The pseudonode is the LAN identifier for a broadcast subnetwork. The pseudonode is the System ID of the DIS plus the Circuit ID. The pseudonode has links to each of the ISs, and each IS has a single link to the pseudonode. The use of the pseudonode reduces the number of links required. Instead of n-1 links to each of the other ISs, there is one link per IS. The DIS generates link-state PDUs on behalf of the pseudonode. These LSPs are sent to all the connected ISs.
| 14: || |
State two reasons why a router might not be able to find a neighbor.
| A14: || |
For an adjacency to be formed and maintained , both interfaces must agree on the following:
- The same MTU.
- Both are Level 1. If both are Level 1, they must be in the same area.
- Both are Level 2.
- At least one is Level 1-2.
- The authentication must be the same.
- The Hello timers (including the holddown timer) must match. If one router has a Hello timer of 40 seconds, the defaults on the other router would time out the holddown timer and purge the LSP, resulting in a flapping link and endless SPF calculations.
| 15: || |
Explain briefly why two routers cannot have the same system ID within the area.
| A15: || |
The system ID is the unique identifier for the area. The first part of the address is a very long area address, of which only the last six octets are available for addressing the router or host.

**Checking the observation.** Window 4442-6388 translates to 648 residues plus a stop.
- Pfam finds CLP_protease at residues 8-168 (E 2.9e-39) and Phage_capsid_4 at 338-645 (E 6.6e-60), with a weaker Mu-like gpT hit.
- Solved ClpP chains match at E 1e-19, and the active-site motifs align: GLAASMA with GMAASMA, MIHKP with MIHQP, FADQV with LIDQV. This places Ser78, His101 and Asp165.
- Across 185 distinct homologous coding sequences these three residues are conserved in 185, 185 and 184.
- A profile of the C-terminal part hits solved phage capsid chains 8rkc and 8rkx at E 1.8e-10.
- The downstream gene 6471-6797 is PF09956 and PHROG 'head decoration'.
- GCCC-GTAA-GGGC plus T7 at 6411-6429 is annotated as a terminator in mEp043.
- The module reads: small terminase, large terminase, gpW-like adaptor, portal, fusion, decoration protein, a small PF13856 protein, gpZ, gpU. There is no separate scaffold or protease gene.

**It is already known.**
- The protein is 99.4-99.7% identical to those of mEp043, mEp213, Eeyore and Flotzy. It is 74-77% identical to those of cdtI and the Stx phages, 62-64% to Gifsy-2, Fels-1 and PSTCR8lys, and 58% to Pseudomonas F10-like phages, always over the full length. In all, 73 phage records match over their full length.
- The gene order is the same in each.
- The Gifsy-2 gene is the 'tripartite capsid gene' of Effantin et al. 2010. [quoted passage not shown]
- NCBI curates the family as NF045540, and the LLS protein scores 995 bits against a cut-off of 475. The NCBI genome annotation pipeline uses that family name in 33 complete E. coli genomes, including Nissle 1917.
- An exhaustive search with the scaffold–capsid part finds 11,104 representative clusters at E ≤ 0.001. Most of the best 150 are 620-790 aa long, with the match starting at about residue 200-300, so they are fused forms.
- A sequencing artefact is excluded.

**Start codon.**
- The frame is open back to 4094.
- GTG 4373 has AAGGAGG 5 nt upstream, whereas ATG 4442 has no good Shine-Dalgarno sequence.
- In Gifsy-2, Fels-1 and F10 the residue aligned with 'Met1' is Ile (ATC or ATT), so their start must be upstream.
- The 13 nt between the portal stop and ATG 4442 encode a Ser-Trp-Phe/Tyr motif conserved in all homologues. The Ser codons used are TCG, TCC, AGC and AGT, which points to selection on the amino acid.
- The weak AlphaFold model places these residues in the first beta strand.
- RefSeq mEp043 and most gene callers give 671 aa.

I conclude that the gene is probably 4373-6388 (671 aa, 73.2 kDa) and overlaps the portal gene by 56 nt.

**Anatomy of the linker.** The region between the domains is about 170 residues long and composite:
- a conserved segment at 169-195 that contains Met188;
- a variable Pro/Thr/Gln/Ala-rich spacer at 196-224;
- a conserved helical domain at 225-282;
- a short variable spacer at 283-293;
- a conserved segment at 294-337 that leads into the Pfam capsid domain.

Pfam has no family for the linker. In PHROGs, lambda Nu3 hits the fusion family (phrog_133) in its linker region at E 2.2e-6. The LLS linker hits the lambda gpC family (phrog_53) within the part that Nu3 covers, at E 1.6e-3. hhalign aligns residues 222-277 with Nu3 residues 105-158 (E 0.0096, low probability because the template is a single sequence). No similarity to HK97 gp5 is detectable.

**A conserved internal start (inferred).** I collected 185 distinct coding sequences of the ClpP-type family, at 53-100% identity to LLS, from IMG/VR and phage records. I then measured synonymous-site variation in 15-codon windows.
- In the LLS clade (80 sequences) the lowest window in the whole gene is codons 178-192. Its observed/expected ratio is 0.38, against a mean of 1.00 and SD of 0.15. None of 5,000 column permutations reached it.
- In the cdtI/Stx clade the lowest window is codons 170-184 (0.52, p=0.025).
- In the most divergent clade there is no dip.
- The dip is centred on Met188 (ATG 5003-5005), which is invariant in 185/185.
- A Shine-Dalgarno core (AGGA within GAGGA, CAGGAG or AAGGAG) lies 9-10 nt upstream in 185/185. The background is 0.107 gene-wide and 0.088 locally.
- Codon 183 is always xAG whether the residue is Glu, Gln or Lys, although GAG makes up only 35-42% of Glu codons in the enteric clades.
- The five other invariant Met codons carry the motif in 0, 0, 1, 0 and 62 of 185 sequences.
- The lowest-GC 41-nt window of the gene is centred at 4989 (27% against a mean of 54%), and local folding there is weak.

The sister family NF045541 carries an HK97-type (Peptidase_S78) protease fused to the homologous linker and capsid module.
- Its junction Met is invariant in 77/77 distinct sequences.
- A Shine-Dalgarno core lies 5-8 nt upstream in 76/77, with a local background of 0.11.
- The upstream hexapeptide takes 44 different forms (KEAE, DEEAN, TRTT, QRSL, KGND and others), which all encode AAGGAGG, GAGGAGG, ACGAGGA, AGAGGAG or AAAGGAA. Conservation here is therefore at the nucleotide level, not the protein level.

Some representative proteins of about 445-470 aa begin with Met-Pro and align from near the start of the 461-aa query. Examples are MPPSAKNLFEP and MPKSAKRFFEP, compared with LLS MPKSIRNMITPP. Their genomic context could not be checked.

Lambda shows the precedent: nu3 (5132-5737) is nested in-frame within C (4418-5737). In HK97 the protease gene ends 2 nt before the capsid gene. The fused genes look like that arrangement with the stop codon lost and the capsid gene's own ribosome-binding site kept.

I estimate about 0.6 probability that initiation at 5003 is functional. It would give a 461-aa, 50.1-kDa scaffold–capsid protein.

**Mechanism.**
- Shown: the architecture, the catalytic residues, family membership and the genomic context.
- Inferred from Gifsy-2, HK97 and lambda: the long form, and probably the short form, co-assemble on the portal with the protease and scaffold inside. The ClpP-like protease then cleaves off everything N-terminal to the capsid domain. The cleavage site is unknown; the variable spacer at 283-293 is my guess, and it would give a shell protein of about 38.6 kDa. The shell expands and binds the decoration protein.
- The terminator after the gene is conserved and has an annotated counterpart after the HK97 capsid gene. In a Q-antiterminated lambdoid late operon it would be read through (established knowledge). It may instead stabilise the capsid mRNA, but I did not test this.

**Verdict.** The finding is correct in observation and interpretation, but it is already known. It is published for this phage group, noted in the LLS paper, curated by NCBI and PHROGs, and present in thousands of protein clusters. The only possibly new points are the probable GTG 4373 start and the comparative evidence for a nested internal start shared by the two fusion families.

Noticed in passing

| 16: || |
What does TLV stand for? Briefly explain its purpose.
| A16: || |
TLV is the same as CLV, but some literature refers to the variable length fields as Type/Length/Value in accordance to the IP terminology. Although the IS-IS PDUs are fixed, the TLV fields are variable length and can expand as needed. This design allows great flexibility and movement to develop in step with technological advances. The development of TLV code 128 extended IS to carry integrated IS-IS.
| 17: || |
How many link-state databases does a Level 1-2 router have?
| A17: || |
A Level 1-2 router has two link-state databases, one for the Level 1 routes and the other for the Level 2 routes. A separate SPF algorithm is run for each database.
| 18: || |
Integrated IS-IS packets run directly on top of which layer?
| A18: || |
IS-IS packets run directly on top of the data-link layer.
| 19: || |
What is the NET address associated with in the IS-IS addressing scheme?
| A19: || |
The NET address is associated with the end system, but not with a process on the end system. The address is that of an entire system, as opposed to an interface on the system, as is the case with IP. Because the NET (unlike the NSAP) does not identify a process, the address is that of a transitional or intermediate system. Therefore, the NET address is associated with the router or IS and is the destination address of the next hop in the life of a routed or routing packet.
| 20: || |
Describe briefly the main characteristics of a Level 1 IS.
| A20: || |
Characteristics of a Level 1 IS include the following:
- An intra-area router.
- Similarity to an OSPF stub router.
- Knowledge of the network limited to the area.
- A link-state database with all the routing information for the area.
- The address of the closest Level 2 router to which to send traffic destined for another area.
- Neighbors must be in the same area.
- A DIS is elected on LANs.